Character Types

June 16, 2017

Post 02

Kesp Writing 

 

 

 

I wish to share my views on “Characters Types” within writing an area that allows for experimentation. The fusion of character types can excite, entertain and transform writing.  A well rounded main character (Protagonist) helps the reader relate to the character from the first encounter, including its back story and character growth throughout the story - just as we do ourselves in life. I believe the reader should be able to relate with the emotional state of the character and its thought process.

 

Story, Discourse & Plot

 

There can be different variables driving a story but firstly let’s have a look at the difference between a plot and a story, which our characters find themselves a part of.  Edward Morgan Forrester, (E M Forester) English novelist, short story writer and essayist in his Aspects of a Novel (1927) defines that “stories are events that happen in chorological order and the plot is the casual and logical structure which connects these events together”. Of course the difference between the two was defined much earlier by Aristotle (Greek Philosopher) who showed a distinction between story and discourse.  Discourse is only what is available to the reader as this is how the story is revealed. When analysing discourse we understand whose point of view the narrative of the story is presented. 

 

We could consider plot as discourse, as it connects the events of how the story is to be revealed to the reader.  However with the case of many stories, we can have multiple plot lines running simultaneously involving different characters through the telling of the story. This makes for more interesting reading and more complex writing, engaging the reader.  Often an event in the story or a character can drive the outcome for the reader. 

 

Character Types

 

There are numerous character types which can be created within different forms of writing.

 

Protagonist: This is the central character of a story with some novels having more than one main protagonist.   

 

Antagonist: This is the character that is opposite the protagonist – the rival character to the protagonist and is the reason for character conflict.

 

Narrator: This is the fictional story teller. The writing for the narrator can be in the “first person” as they are telling the story.  Not only is it limited to “first person”, as there have been occasions when the narrator has been written in the “third person” style.   

 

Cardboard Character: This is a typical or stereotyped character.  These characters can often be a representation of certain stereotypes that we see in society and not how writers would build a character through their own thoughts and actions. They are easily recognisable.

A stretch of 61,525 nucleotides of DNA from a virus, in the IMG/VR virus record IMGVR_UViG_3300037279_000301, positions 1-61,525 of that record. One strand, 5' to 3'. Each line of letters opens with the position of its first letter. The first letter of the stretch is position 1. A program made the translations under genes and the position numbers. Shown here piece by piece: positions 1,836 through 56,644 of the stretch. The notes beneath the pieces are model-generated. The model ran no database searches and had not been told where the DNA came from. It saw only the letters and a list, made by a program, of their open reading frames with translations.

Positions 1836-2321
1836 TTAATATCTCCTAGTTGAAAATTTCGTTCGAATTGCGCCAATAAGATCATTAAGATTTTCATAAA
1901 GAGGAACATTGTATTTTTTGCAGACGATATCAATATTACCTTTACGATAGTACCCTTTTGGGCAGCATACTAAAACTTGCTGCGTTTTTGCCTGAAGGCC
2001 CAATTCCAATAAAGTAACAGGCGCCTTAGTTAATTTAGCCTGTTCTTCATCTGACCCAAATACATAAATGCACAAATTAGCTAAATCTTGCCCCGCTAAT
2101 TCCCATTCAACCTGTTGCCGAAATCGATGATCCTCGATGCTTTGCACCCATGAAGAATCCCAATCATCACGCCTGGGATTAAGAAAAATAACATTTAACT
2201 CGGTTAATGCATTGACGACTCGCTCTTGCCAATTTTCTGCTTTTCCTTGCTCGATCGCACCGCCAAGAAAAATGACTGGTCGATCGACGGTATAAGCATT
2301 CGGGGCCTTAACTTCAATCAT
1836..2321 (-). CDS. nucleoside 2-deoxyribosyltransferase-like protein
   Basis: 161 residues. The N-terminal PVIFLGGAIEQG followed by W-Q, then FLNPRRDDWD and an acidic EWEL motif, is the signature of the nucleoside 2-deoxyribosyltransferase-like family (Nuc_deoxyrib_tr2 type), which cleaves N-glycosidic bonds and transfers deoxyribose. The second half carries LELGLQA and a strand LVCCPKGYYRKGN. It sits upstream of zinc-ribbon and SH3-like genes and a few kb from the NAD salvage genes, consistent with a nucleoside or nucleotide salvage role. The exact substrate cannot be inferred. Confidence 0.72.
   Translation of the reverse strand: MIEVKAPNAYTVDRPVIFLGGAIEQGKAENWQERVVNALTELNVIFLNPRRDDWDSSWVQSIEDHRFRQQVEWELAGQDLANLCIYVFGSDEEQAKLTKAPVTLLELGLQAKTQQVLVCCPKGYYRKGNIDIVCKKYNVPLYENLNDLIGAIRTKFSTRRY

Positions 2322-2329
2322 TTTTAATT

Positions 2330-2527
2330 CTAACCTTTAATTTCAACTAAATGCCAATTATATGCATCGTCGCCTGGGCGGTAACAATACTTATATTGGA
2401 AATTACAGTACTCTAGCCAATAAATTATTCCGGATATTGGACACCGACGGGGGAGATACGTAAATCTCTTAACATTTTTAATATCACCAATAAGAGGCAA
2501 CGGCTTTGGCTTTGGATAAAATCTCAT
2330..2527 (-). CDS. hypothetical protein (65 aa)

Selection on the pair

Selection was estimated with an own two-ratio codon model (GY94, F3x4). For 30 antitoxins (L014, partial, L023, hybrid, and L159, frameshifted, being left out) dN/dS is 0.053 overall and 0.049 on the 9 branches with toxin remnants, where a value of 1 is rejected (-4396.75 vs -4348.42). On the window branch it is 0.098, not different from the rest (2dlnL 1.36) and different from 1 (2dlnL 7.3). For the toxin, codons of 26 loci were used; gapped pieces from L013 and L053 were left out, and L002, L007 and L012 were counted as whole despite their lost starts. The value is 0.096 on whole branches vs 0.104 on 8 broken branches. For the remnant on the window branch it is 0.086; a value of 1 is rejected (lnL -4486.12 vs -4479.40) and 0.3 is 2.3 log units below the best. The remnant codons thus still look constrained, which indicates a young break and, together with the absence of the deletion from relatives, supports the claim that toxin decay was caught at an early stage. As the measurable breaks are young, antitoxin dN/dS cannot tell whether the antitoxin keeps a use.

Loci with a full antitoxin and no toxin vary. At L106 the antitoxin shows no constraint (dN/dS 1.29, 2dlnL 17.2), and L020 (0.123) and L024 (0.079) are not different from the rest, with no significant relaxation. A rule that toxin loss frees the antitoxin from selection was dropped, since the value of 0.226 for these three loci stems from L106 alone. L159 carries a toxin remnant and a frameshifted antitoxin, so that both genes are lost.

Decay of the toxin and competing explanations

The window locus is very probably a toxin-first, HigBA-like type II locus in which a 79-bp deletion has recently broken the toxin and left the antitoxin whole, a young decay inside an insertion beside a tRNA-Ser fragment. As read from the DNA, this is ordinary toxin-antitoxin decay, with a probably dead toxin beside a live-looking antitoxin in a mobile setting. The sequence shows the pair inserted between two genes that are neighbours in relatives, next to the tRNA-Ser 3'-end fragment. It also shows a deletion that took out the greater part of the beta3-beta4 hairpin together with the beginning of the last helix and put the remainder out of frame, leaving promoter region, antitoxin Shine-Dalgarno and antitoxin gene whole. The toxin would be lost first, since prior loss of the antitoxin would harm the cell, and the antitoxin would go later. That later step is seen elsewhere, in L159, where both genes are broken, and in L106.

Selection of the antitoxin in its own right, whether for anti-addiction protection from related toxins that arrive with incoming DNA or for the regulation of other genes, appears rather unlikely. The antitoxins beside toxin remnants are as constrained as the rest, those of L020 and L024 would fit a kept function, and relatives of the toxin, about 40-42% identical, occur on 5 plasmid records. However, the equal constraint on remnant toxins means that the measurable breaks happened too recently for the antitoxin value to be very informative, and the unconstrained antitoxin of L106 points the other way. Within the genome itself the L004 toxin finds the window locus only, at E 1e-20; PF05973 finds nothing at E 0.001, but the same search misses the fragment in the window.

Round Character:  A complex character that takes time to understand and to discuss their thoughts, views and actions. This character can often be portrayed as conflicted or contradictory. 

 

Developing Character (Dynamic): The protagonist of the story is often a developing character.  Change brought on by an event in the story which alters the outlook of the character. Personal development, life lessons, emotional and spiritual growth can all be experienced which can be both positive and negative giving a different outlook by the character towards the end of the story. 

 

Confidant Character: This is one of my favourite character types as it allows the protagonist to reveal her/his inner thoughts and true personality to.  This is a trusted character and what can be interesting here is the point of view the confidant can have, even though they rarely if never voice their own thoughts to another character. It can also allow for the writer to question the actions/views of the protagonist.

 

Static Character: This is a character that does not change over the course of the story.

 

Minor Character: These characters support the main characters and help with the plot development to move the story forward. 

 

All character types are necessary to compliment the story with connecting plot lines enhancing the direction of the protagonist.  Characters are developed according to their roles within the story and how their actions/thoughts affect different plots however they need not always be defined by character trait as the beauty of writing is to push the boundaries expanding the scope of characters and their roles. Characters may include more than one particular character type.  A character can be round and developing which may not mean the same thing.  A round character might relate to its personality, thoughts or values as a character, while the other relates to how it develops over time. Just some pointers for the next time you are looking at developing characters. A reminder that you can download a free Character Development Sheet from to assist in building a round and detailed character by clicking HERE.

 

Discover more on Ben Kesp, author and writer on the Ben Kesp Website.

Discover more on Ben Kesp’s e-books on the Ben Kesp Website.

 

 

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June 24, 2019

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